How I learned to love reading

My Grandpa used to say it was unwise to give a good book to a bad mind. Don’t even attempt to read the Russians until you’re twenty-five. But I did it anyway, of course; got my copy of Crime and Punishment, and carried it around with me for my entire sophomore year of high school.

I’d read a sentence, reread the sentence, read it again…and finally move on just to turn the page. My family made fun of me; called the book, and the bag in which I carried it, my security blanket, because I wouldn’t leave home without it—though I rarely touched it en route.

I’ve been reading people’s lists of the ten most influential books of their lives. I don’t think I remember a word of anything I read before I was twenty-one. My brain wasn’t ready—too overwhelmed by hormones and drama to pick up on nuances and symbolisms. So I picked out the fattest, most conspicuous books I could find to carry around in order to appear intelligent.

My seventh grade year was marked by a hard-backed copy of Anne of Avonlea. It shouldn’t have been too hard for me to read, but it was. My freshman year of high school was Eleni by Nicholas Gage, which I could actually talk about when people asked, because I had seen the movie.

Interspersed in the fat and impressive books, were books that I did read: books about ESP and the paranormal, Babysitters Club books, Vogue Magazines. I didn’t advertise these reads. I gobbled them up in private, just like I’d horde chocolate in my drawers so that no one else could see my appetite for junk.

Part of the problem of growing up in a well-read family is that we all knew that some books were better than others. I could read a thousand Sweet Valley books and they wouldn’t total the value of one Dostoevsky. As it should be. The problem was that I didn’t “get” Dostoevsky, and Sweet Valley was a piece of cake. It wasn’t fair. None of my reading counted.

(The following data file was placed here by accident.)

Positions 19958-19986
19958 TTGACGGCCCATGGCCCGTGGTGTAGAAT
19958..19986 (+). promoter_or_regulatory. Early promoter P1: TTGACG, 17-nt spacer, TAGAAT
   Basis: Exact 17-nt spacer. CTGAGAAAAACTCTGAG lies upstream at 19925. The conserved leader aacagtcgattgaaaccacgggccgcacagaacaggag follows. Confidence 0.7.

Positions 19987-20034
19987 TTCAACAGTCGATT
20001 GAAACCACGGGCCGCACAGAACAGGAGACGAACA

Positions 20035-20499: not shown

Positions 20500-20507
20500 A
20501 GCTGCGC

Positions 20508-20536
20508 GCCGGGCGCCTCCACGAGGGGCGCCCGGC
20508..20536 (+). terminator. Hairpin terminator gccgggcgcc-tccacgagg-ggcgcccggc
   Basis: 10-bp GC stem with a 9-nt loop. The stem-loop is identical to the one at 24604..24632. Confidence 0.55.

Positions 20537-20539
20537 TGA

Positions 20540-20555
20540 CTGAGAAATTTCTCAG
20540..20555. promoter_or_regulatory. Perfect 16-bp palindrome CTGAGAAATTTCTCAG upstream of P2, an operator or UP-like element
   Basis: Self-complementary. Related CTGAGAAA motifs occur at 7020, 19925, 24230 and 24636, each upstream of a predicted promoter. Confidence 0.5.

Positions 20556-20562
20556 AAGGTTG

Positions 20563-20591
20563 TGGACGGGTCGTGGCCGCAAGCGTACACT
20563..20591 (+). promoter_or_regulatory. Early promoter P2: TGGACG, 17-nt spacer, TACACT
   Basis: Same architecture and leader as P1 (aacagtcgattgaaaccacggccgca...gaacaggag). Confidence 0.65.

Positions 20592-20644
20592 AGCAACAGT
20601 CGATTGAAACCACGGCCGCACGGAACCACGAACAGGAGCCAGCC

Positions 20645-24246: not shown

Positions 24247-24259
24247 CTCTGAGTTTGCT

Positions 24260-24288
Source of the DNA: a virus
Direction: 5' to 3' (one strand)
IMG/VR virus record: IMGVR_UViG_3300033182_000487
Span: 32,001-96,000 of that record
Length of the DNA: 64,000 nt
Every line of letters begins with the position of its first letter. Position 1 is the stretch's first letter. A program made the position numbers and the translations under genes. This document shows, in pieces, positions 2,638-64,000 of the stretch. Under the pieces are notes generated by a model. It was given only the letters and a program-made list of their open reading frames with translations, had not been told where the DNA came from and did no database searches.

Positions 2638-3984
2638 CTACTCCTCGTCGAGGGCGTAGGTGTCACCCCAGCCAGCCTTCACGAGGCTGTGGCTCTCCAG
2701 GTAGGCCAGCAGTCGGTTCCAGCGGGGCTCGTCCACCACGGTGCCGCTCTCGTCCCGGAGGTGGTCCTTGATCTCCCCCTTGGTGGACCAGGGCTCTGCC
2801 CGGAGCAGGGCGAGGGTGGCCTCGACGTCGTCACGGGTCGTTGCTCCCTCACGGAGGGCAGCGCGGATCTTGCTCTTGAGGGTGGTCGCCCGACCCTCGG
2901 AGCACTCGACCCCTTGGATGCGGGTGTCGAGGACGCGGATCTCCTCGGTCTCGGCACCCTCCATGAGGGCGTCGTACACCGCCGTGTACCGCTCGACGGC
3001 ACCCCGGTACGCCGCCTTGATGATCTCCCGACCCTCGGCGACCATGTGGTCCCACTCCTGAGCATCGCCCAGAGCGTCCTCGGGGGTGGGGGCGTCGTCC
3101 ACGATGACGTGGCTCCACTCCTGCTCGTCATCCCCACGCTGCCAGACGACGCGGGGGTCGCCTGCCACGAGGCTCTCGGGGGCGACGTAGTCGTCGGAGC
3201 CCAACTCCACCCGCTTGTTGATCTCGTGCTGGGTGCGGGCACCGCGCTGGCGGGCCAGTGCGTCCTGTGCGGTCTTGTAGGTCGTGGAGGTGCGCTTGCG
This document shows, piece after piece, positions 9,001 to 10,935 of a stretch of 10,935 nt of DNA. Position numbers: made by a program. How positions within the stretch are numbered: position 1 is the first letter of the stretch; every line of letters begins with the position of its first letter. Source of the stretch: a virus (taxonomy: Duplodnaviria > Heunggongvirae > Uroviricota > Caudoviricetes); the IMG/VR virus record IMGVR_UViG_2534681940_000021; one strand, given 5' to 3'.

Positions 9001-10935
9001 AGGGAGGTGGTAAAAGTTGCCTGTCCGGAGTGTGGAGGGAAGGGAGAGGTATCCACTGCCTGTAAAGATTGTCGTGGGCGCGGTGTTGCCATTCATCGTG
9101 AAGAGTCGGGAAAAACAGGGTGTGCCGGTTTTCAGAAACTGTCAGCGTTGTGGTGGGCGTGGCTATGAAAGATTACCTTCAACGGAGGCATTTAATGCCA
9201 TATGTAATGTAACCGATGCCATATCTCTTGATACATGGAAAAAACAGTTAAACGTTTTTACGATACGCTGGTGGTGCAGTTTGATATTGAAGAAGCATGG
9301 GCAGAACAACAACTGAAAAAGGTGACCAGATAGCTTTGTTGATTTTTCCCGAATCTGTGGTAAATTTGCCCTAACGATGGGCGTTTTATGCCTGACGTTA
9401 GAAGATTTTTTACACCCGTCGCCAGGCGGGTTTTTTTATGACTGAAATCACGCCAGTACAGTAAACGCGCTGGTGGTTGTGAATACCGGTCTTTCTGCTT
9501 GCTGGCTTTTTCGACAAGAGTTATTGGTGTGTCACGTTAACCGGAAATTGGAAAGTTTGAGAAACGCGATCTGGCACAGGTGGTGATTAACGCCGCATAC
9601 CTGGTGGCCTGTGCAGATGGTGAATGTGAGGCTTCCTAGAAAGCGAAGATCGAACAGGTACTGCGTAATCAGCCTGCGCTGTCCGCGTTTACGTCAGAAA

Meanwhile, in our living-room, my older sister had curled her body into a pretzel and was squinting her eyes into the minuscule print of Gone With the Wind which she finished in all of two weeks. Her concentration was unbreakable. I was invisible to her, though I crawled up behind the wing-back chair in which she sat and put my finger in her ear, or whispered words like “suburban” and “couperf” and “satchel” because I knew she hated those words.

Her friends would ride their bikes over to play, find her reading, and have to be satisfied with my company. And I would be playing Barbies, no doubt, making the dolls do naughty things, and then saying, “It’s ok, they’re married,” even though in my head, they were not.

One of my boys recently said, “I have a walnut-sized brain for school and a football-sized brain for comedy.” That’s me. My brain was too full of the junk to make room for anything of importance. I wanted to entertain, and be entertained—not to learn. As my husband told my son, however, “If you don’t change those proportions, you’ll be able to look forward to a walnut-sized salary someday.”

And so, in my later college years, I set about acquiring the skills of an intellectual—which meant, getting rid of my junk-food literary diet, becoming sort of somber and withdrawn (partially the outcome of failed relationships), and emulating my sister’s reading habits.

I hate to say that my brain was just waiting for someone to turn the lights on. Either it came of age, or getting serious, and having a few more “adult” experiences under my belt, helped me to understand more serious matters. In any case, I suddenly understood. I began to read literature for leisure. I read with a pen in hand to keep notes of things that interested me—I still do.

And I felt personal connections for the first time with characters in my books.

I met my husband while I was a senior in college. Every now and then, this Duffy guy would call up and ask me to go to a Pacers game or something low-brow like that, which didn’t fit my new intellectual standards. But apparently he still liked me, and was interested enough to read Anna Karenina because it was my favorite book at the time.